SERMON 11/8/20 Pentecost A Proper 27, St. Matthew’s, Sand Springs, OK

Sermon Begins at 11:20

Joshua 24:1-3a, 14-25; Psalm 78:1-7; 1 Thessalonians 4:13-18; Matthew 25:1-13

Life Everlasting – A Present Reality

            Jesus warned in his parable to those unprepared, ” ‘Truly I tell you, I do not know you.’ Keep awake therefore, for you know neither the day nor the hour.” Being prepared for and living into the anticipation of the future presence of Christ is at the heart of the Christian life for each of us now, and in the days to come.   In the Nicene Creed each week we affirm our belief in the promise, “He will come again in glory to judge the living and the dead.”  Today’s parable portrays an event in which, ten bridesmaids awaiting the arrival of a delayed groom are representative of the church who is awaiting Christ’s return.  Five bridesmaids are described as wise and five are foolish because they brought no oil for their lamps.  

            It is interesting to note that all ten slept as they waited for the groom, so the focus of the parable seems to be less on the virtue of watchfulness, and more on the virtue of preparedness or prepared for a future certainty.  At the announcement of the groom’s arrival, only those with oil could light their lamps and thus, only those prepared could see to follow him into the banquet.  The foolish ones wanted a share of the other’s oil however, their oil was not transferrable and so, the foolish were left behind.    

            The wise bridesmaids were prepared for the groom’s arrival, the foolish were not.  Oil is a significant metaphor because throughout the Old Testament, oil represented good works of justice and righteousness.  Thus, the wise bridesmaids failure to share their oil was not an act of non-charity to the others, but rather a reality that good works of the wise could not be transferred to the foolish.  The nature of the parable seems to be emblematic of our Christian journey, and Matthew uses the parable to clarify the difference between the disciples who are prepared to follow Jesus now, and those who lose sight of the necessity for preparedness.  The wise are already participating in the life ,which is to come, a life of discipleship, as if it were already a present reality.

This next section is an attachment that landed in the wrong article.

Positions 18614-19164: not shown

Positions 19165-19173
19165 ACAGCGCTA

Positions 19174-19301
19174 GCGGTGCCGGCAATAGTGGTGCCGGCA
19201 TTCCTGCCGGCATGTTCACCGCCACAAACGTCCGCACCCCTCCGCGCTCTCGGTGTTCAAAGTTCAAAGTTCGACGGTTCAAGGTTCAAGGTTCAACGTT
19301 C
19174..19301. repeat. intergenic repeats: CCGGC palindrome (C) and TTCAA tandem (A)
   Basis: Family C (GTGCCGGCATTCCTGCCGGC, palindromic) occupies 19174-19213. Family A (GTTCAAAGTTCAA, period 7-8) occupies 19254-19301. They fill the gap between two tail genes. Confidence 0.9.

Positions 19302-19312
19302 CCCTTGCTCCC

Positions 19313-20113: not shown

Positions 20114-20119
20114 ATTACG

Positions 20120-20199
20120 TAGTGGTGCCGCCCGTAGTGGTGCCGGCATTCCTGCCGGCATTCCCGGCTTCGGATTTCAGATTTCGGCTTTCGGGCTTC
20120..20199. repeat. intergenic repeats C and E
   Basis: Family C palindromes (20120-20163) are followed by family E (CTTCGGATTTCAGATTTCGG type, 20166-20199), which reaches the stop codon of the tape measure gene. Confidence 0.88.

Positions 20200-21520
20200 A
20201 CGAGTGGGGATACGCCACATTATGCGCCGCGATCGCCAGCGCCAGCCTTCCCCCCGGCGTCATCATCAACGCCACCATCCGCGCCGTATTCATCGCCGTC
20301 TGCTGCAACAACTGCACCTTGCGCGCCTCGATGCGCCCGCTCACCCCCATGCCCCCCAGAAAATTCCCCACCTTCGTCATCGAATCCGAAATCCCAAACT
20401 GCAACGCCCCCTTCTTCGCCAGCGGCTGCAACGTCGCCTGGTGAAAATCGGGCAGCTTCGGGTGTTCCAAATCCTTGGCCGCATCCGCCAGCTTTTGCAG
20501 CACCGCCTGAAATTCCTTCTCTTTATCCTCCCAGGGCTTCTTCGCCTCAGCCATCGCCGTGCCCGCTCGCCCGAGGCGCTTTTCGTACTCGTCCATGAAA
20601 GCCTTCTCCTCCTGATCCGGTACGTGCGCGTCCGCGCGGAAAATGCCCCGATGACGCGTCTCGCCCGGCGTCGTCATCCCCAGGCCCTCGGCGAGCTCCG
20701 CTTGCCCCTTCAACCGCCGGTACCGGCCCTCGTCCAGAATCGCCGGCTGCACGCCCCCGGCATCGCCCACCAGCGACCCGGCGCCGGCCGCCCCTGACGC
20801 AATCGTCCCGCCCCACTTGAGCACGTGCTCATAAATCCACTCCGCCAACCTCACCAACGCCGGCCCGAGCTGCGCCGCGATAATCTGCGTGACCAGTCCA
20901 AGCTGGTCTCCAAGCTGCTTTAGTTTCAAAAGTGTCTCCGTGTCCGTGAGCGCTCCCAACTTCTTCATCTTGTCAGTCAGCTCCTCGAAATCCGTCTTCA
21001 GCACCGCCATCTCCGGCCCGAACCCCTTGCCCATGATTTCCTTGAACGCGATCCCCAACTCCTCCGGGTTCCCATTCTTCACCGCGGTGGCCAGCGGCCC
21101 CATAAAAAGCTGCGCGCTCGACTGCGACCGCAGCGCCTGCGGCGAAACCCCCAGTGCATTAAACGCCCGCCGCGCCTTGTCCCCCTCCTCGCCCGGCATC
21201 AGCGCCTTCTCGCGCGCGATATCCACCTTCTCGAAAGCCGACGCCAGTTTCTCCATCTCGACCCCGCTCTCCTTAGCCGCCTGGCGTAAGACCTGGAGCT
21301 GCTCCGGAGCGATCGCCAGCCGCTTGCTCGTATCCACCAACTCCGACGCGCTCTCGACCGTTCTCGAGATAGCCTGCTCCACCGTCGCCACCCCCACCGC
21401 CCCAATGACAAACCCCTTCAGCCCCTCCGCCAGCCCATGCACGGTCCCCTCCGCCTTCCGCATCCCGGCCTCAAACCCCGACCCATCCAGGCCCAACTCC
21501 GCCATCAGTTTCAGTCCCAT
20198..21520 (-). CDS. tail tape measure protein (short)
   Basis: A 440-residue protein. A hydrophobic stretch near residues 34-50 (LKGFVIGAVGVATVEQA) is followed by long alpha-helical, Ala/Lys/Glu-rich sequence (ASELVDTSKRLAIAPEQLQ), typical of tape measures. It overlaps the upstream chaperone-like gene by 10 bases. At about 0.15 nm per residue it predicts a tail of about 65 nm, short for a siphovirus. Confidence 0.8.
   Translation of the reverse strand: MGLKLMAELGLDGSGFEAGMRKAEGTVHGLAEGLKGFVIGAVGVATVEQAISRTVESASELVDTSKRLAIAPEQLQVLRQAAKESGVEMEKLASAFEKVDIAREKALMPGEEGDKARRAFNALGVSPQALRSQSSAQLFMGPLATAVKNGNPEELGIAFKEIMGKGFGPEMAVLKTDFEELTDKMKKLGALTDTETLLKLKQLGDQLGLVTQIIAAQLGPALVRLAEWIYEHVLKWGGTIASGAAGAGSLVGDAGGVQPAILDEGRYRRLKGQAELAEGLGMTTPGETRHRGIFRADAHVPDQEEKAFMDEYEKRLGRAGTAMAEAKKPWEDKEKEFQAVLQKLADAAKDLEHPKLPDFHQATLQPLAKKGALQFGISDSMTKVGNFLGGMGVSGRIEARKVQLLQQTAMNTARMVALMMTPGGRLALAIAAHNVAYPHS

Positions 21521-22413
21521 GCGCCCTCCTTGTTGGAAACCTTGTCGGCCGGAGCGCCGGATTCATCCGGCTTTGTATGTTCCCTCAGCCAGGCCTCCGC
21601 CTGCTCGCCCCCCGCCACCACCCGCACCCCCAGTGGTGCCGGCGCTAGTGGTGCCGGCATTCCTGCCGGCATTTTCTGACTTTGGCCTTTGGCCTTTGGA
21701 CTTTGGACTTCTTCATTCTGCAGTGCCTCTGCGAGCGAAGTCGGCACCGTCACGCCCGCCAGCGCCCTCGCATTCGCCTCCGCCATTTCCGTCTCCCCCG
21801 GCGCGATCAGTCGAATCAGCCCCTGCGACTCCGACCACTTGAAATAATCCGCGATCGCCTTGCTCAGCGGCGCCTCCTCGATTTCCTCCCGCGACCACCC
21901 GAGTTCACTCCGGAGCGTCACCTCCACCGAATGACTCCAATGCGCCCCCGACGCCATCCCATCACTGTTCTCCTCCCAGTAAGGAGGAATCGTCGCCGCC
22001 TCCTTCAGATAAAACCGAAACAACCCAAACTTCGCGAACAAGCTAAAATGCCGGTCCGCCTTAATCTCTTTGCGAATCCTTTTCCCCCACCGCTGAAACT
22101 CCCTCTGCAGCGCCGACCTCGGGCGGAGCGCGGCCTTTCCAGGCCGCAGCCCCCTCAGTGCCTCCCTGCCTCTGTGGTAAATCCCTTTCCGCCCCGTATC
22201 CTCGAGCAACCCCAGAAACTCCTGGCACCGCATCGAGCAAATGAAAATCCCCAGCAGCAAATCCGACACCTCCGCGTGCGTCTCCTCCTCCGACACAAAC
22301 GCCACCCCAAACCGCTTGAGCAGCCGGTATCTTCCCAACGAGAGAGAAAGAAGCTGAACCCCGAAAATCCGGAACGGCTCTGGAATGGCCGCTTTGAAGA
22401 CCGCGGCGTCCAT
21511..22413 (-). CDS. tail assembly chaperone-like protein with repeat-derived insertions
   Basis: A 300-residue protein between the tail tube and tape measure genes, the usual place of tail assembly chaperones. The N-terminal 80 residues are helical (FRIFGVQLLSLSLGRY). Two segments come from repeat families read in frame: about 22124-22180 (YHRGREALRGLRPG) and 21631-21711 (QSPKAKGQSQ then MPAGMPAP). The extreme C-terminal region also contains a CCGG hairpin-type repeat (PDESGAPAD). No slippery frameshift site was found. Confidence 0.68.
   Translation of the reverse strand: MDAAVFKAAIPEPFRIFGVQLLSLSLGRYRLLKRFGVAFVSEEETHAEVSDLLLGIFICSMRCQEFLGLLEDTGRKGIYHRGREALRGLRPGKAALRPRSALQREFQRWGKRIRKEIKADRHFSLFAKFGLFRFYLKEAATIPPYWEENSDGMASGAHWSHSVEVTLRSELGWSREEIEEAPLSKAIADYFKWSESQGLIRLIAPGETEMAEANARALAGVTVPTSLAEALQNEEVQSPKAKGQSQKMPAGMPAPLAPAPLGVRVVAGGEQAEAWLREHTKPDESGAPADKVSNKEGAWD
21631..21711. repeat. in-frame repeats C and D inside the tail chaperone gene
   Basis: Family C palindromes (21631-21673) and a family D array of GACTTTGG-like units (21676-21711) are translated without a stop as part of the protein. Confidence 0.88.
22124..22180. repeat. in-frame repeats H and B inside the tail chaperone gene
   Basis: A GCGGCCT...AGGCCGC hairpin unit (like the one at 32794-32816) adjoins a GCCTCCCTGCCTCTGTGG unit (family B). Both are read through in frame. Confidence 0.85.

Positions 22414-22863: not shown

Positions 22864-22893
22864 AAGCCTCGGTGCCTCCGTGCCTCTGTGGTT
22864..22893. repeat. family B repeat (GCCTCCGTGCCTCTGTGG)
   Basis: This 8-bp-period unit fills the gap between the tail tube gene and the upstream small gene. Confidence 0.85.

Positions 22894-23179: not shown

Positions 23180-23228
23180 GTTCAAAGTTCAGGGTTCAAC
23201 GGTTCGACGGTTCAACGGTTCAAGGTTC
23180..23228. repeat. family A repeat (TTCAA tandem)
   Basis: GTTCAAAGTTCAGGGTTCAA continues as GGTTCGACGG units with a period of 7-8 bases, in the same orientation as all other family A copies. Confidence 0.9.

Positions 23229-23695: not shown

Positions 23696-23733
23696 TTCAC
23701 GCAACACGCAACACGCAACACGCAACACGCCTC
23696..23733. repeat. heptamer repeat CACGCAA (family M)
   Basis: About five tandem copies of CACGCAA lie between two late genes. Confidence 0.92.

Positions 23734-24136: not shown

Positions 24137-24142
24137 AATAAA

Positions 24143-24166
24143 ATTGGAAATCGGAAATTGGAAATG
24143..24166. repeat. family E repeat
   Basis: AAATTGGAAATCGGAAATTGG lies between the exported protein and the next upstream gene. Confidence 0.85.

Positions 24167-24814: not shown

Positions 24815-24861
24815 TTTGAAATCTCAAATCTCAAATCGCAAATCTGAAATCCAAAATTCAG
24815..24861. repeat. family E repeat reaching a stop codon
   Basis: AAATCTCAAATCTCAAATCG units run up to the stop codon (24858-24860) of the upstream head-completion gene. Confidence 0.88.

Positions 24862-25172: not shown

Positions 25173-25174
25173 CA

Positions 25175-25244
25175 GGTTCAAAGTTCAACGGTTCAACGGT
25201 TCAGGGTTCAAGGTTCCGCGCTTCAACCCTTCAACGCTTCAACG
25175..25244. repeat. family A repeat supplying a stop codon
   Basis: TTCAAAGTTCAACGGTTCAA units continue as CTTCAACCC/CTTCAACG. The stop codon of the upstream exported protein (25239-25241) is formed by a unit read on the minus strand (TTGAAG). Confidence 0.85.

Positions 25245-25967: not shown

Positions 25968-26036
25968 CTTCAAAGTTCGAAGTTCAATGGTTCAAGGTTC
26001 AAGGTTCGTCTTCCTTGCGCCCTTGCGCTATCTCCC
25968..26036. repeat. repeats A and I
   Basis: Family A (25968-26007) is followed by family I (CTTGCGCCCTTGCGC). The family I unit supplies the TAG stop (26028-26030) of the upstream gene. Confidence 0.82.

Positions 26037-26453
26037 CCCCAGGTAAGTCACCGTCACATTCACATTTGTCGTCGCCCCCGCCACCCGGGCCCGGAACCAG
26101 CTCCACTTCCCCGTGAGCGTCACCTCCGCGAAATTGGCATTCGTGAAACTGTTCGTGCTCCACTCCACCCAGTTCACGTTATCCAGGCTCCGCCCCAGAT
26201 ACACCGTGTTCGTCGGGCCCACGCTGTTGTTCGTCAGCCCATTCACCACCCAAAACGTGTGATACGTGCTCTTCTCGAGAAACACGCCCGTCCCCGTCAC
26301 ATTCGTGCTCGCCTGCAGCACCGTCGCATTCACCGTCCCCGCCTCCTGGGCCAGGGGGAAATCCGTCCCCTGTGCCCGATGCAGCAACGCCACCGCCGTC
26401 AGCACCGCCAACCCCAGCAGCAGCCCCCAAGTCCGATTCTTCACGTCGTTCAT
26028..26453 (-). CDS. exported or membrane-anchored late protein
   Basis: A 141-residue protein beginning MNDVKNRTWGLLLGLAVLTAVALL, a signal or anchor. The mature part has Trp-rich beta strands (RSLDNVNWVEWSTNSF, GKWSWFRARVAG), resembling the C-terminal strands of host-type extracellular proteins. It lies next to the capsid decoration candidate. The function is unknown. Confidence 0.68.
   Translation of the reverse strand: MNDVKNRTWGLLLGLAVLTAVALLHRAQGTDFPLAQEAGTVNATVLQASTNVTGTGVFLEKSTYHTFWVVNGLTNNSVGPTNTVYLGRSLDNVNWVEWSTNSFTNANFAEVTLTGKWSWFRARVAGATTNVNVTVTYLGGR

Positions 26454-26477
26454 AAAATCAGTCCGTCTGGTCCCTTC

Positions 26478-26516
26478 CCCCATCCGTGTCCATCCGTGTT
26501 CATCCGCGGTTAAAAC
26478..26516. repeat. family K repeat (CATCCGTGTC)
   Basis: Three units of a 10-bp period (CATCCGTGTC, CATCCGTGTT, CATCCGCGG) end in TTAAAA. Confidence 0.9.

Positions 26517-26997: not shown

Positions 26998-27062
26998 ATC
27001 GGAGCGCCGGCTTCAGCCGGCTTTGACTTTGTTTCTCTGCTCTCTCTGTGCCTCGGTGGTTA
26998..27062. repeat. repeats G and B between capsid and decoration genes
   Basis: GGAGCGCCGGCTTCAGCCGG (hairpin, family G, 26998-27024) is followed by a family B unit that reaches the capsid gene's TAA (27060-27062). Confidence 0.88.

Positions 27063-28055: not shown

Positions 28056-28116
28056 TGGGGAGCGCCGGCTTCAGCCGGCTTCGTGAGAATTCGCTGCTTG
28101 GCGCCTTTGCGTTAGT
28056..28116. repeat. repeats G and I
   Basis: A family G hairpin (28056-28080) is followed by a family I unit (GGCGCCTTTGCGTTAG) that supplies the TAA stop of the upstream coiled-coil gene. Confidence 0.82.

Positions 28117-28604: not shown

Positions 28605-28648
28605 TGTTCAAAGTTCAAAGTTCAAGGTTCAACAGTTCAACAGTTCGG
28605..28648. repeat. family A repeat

Discipleship

Discipleship is living a life changed, altered, and forever affected by the love of Christ.  Discipleship requires that now, we live as changed beings as if the fulfillment of the Kingdom has already come to pass, because it is a present reality as well as a future hope.   We recognize that God is actively working in us now and we are not merely waiting for the day that it will come to pass.  

      A man and woman dreamed of building their retirement home.  They perused multiple blueprints, scoped out various properties, and they shopped for furniture with multiple design themes.  They did not wait until moving day to begin preparing, they lived into the future hope by actively working toward it now.  As the days passed, the ground was broken, the foundation poured, walls were raised, the roof was put in place, and all of the internal workings were completed.  On moving day, the furniture arrived and within a few weeks, all was complete.  As the couple sat down in their new home and surveyed all for which they had worked, somehow it all seemed so final.  They had arrived and the question on both of their minds was, “now what?”

        The arrival is not the final word.   The couple could now anticipate many years of enjoying the bliss of retirement in their new home, and what was so exciting was that their relationship had not arrived at its pinnacle either.  There was much more growing, learning, and passion for them to share.   Our Christian journey is like that as well.